General Science and Engineering Indicators
Selected Education Indicators
Selected Global Marketplace Indicators
The United States had the second largest R&D/
ratio among the
countries, spending about 2.6% of GDP on R&D activities in 2006.
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Why is this indicator important?
The ratio of R&D expenditures to GDP is often used to examine R&D as a proportion of a nation's overall economic activity.
This ratio is a useful indicator of the "intensity" of R&D activity in relation to other economic activities and can be used to gauge a nation's commitment to R&D at different points in time.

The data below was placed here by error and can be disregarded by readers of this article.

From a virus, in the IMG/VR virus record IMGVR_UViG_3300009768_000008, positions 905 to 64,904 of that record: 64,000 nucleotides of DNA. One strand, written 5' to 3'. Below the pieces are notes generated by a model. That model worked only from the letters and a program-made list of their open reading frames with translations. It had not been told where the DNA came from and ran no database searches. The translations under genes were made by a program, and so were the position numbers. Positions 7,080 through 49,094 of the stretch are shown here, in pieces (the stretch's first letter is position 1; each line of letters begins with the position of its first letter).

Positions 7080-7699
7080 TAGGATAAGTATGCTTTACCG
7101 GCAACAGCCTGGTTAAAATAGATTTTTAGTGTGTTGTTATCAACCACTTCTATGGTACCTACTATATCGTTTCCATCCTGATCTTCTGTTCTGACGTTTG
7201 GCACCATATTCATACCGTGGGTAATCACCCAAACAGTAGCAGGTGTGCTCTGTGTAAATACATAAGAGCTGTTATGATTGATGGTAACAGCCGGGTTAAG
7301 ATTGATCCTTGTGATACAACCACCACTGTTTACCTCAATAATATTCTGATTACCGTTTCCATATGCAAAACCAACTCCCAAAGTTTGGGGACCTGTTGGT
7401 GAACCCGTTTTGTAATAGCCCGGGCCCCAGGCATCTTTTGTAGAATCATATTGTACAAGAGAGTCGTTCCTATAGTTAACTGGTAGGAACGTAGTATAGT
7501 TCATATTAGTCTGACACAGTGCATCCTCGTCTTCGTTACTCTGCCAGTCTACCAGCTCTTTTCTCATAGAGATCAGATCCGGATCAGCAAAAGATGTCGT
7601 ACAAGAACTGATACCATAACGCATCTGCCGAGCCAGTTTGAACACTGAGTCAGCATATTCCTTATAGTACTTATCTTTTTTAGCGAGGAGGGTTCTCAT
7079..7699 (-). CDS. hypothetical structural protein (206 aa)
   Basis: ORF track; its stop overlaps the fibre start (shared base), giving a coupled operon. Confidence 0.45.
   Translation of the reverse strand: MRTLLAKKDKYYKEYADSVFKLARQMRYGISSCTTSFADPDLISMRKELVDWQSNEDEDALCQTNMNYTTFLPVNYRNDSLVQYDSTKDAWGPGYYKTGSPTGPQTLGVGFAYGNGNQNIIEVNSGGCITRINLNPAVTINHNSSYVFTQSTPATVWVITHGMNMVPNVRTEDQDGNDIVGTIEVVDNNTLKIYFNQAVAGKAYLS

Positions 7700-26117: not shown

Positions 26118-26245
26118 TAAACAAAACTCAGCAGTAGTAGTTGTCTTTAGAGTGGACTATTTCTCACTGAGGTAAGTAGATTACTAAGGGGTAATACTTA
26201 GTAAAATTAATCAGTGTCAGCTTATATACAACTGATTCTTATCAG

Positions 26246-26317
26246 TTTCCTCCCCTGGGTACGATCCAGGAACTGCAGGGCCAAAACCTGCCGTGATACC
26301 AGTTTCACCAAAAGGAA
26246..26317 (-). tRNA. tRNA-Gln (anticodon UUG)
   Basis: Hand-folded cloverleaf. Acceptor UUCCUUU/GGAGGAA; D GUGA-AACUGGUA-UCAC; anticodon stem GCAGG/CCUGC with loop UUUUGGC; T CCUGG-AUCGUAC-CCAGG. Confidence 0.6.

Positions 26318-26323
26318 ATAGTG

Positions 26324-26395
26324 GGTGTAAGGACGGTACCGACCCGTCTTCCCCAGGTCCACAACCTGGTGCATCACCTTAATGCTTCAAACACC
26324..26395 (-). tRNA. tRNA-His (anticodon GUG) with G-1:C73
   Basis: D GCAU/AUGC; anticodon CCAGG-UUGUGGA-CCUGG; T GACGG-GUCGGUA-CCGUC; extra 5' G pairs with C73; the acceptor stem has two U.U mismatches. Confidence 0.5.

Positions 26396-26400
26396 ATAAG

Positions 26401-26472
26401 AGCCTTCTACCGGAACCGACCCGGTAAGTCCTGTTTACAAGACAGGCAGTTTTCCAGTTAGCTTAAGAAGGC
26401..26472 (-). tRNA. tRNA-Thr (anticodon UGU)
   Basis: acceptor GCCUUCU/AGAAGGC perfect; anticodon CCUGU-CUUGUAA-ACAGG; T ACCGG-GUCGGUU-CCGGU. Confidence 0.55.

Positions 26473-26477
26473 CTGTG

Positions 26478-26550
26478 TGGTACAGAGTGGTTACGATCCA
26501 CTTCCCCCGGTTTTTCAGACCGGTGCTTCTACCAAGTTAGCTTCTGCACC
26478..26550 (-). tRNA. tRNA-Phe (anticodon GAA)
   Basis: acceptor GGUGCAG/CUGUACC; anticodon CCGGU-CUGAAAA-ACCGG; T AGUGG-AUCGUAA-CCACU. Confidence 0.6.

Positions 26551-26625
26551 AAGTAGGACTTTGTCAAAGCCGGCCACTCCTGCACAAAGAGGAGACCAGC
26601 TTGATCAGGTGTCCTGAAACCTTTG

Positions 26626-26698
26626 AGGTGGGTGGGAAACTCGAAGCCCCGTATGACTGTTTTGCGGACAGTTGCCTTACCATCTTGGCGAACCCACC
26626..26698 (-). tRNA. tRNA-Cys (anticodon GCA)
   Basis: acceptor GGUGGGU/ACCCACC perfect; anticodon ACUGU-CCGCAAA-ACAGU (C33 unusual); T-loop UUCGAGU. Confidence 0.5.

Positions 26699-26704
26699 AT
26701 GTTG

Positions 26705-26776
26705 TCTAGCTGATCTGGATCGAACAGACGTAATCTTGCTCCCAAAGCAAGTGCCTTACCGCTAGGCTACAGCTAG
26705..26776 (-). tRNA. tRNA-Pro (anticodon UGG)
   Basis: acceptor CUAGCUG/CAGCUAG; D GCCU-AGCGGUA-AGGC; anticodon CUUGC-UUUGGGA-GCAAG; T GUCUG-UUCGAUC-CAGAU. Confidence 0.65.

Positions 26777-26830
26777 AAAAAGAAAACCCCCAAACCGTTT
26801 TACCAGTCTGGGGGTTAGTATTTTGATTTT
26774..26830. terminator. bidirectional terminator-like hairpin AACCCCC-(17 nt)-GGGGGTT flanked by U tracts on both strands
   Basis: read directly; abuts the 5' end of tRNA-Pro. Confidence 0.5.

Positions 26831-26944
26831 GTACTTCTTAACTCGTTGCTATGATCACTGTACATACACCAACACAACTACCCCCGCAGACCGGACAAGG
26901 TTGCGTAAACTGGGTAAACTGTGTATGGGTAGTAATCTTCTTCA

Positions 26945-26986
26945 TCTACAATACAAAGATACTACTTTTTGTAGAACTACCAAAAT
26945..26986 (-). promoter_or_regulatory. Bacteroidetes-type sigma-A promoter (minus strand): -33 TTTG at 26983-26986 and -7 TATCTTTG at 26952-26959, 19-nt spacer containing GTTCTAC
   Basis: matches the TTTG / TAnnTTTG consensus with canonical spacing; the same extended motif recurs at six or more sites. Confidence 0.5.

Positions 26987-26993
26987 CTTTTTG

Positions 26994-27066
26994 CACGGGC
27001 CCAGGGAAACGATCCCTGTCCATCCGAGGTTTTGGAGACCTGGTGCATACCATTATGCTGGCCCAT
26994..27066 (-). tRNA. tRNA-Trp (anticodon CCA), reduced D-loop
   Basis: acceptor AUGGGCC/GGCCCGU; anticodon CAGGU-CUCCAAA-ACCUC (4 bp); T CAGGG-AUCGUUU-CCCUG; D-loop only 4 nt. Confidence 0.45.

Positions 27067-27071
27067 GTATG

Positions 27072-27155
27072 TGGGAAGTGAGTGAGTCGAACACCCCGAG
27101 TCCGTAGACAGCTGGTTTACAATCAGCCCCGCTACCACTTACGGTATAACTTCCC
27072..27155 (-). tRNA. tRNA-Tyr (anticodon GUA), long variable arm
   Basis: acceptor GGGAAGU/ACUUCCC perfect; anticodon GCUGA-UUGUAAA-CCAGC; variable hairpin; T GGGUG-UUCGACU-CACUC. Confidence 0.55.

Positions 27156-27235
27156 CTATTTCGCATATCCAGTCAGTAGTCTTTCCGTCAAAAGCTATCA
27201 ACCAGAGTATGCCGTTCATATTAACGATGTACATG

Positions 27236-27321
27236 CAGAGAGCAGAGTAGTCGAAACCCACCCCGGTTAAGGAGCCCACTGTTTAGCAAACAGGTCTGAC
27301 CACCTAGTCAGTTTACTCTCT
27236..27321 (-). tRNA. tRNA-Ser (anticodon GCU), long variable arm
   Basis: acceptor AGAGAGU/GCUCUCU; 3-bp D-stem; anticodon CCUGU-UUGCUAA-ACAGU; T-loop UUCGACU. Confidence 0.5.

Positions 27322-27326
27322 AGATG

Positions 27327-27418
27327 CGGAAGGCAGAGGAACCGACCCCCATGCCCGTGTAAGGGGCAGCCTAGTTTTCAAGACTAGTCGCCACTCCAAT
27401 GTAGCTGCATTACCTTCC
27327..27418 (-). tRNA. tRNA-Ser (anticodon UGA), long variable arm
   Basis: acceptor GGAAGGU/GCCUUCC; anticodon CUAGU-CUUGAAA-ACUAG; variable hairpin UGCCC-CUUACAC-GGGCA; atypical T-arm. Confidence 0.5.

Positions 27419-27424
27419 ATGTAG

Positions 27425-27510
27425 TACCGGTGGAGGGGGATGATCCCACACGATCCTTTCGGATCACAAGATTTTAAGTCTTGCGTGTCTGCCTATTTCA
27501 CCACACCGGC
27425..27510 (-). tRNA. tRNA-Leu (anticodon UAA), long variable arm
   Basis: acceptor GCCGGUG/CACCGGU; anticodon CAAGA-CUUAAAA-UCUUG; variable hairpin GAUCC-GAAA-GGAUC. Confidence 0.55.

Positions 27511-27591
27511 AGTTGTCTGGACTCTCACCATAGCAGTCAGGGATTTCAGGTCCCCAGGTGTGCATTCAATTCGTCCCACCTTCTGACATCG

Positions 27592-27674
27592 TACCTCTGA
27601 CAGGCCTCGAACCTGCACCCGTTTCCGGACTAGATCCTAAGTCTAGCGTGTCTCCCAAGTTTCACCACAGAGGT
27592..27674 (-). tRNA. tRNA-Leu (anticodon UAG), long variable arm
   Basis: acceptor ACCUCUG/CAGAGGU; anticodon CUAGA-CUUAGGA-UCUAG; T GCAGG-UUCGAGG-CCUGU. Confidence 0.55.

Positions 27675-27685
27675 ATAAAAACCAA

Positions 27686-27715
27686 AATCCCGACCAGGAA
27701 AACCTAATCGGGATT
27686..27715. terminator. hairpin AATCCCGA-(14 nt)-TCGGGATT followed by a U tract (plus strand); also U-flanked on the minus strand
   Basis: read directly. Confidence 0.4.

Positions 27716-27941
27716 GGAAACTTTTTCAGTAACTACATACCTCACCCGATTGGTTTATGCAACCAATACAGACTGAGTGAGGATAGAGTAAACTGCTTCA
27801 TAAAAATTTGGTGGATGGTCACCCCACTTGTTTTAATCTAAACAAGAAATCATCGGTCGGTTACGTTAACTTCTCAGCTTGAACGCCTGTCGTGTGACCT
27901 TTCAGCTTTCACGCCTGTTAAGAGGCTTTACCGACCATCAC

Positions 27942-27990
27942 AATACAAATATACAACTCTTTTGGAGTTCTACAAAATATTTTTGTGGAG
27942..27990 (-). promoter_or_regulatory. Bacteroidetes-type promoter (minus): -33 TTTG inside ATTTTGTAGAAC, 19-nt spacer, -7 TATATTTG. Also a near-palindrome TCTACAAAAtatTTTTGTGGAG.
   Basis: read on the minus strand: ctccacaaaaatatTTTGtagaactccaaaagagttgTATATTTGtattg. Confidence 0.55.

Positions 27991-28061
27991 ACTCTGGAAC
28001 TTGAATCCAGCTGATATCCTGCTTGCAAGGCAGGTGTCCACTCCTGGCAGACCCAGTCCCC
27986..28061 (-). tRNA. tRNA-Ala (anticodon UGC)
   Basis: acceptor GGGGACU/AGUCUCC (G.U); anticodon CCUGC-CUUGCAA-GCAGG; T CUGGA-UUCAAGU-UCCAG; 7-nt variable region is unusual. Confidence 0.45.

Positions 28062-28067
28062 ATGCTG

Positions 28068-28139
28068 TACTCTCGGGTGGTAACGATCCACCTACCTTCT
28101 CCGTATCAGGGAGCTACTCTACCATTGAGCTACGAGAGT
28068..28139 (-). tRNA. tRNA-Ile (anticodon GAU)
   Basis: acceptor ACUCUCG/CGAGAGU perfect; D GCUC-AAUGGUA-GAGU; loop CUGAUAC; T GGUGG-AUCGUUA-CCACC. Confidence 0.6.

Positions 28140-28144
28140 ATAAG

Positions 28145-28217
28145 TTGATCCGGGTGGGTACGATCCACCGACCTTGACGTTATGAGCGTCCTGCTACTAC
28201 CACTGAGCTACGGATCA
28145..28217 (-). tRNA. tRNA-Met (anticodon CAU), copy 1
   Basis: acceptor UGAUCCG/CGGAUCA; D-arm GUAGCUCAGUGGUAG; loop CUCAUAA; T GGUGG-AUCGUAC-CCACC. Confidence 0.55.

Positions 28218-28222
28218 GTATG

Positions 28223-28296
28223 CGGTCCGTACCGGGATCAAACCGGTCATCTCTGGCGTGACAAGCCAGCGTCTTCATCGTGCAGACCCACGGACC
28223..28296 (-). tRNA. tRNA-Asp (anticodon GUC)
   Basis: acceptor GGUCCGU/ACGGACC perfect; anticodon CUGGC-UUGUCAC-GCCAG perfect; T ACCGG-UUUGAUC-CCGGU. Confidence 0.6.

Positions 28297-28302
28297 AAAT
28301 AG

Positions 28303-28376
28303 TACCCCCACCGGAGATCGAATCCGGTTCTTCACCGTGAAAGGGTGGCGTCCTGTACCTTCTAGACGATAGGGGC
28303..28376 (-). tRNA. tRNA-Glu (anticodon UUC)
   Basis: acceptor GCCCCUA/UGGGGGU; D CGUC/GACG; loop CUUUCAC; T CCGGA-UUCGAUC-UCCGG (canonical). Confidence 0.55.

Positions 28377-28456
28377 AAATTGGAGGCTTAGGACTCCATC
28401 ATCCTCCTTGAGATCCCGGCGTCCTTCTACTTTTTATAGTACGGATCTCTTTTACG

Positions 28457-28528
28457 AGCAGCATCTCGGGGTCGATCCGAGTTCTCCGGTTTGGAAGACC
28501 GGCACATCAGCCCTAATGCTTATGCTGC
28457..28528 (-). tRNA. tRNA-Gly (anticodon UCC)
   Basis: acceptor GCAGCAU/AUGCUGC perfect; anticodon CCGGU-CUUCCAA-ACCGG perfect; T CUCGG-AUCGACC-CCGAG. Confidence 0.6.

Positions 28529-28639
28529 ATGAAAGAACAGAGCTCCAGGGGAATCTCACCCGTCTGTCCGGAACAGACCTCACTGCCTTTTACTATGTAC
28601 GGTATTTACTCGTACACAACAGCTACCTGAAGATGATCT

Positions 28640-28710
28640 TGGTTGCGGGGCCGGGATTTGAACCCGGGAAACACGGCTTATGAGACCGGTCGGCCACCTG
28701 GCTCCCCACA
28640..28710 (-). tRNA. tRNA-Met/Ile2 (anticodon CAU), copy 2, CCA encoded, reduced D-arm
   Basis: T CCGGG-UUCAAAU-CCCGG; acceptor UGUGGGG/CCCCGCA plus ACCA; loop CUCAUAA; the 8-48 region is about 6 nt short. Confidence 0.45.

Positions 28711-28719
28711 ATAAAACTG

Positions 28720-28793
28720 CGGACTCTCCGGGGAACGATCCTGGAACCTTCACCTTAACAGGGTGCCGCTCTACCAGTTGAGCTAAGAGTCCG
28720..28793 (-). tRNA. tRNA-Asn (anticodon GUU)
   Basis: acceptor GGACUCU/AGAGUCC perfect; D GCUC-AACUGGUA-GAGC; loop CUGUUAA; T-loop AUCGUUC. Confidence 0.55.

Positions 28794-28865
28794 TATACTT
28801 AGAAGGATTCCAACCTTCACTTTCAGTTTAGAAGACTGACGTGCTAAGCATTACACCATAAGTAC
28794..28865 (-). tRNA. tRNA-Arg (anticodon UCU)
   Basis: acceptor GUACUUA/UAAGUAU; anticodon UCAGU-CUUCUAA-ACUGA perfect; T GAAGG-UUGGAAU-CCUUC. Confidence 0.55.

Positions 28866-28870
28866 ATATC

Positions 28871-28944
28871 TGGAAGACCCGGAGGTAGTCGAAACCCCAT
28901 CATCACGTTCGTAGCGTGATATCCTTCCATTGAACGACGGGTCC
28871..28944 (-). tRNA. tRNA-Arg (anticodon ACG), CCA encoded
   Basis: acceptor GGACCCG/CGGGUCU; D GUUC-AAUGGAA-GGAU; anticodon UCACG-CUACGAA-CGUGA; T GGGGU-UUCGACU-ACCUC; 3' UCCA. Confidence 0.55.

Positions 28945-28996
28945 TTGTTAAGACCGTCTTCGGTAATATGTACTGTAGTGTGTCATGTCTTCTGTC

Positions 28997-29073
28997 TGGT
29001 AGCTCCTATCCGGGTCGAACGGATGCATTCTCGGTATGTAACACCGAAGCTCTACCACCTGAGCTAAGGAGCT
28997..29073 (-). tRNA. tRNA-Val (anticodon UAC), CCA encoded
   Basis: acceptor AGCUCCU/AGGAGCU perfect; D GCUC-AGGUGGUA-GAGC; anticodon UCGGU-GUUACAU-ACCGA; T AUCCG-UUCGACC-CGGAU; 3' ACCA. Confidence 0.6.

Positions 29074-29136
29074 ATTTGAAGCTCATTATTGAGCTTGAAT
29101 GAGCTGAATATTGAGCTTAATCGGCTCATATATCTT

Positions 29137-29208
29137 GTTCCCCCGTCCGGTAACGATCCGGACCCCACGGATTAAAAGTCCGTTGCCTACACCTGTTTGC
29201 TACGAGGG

Rate of growth for Germany increased by 0.33 from 1994 to 2005, while the United States increased by 0.20 during that same period.
Since 2000, Japan continues to lead while China demonstrates the biggest growth.
The general growth in the U.S. R&D/GDP ratio since 1979 can be attributed to a steady increase in non-Federal R&D spending.
Growth in the R&D/GDP ratio does not necessarily imply increased R&D expenditures. For an extended discussion on the R&D/GDP ratio see
In absolute terms, this indicator can mask signiﬁcant R&D activity for countries with relatively large economies (e.g., China).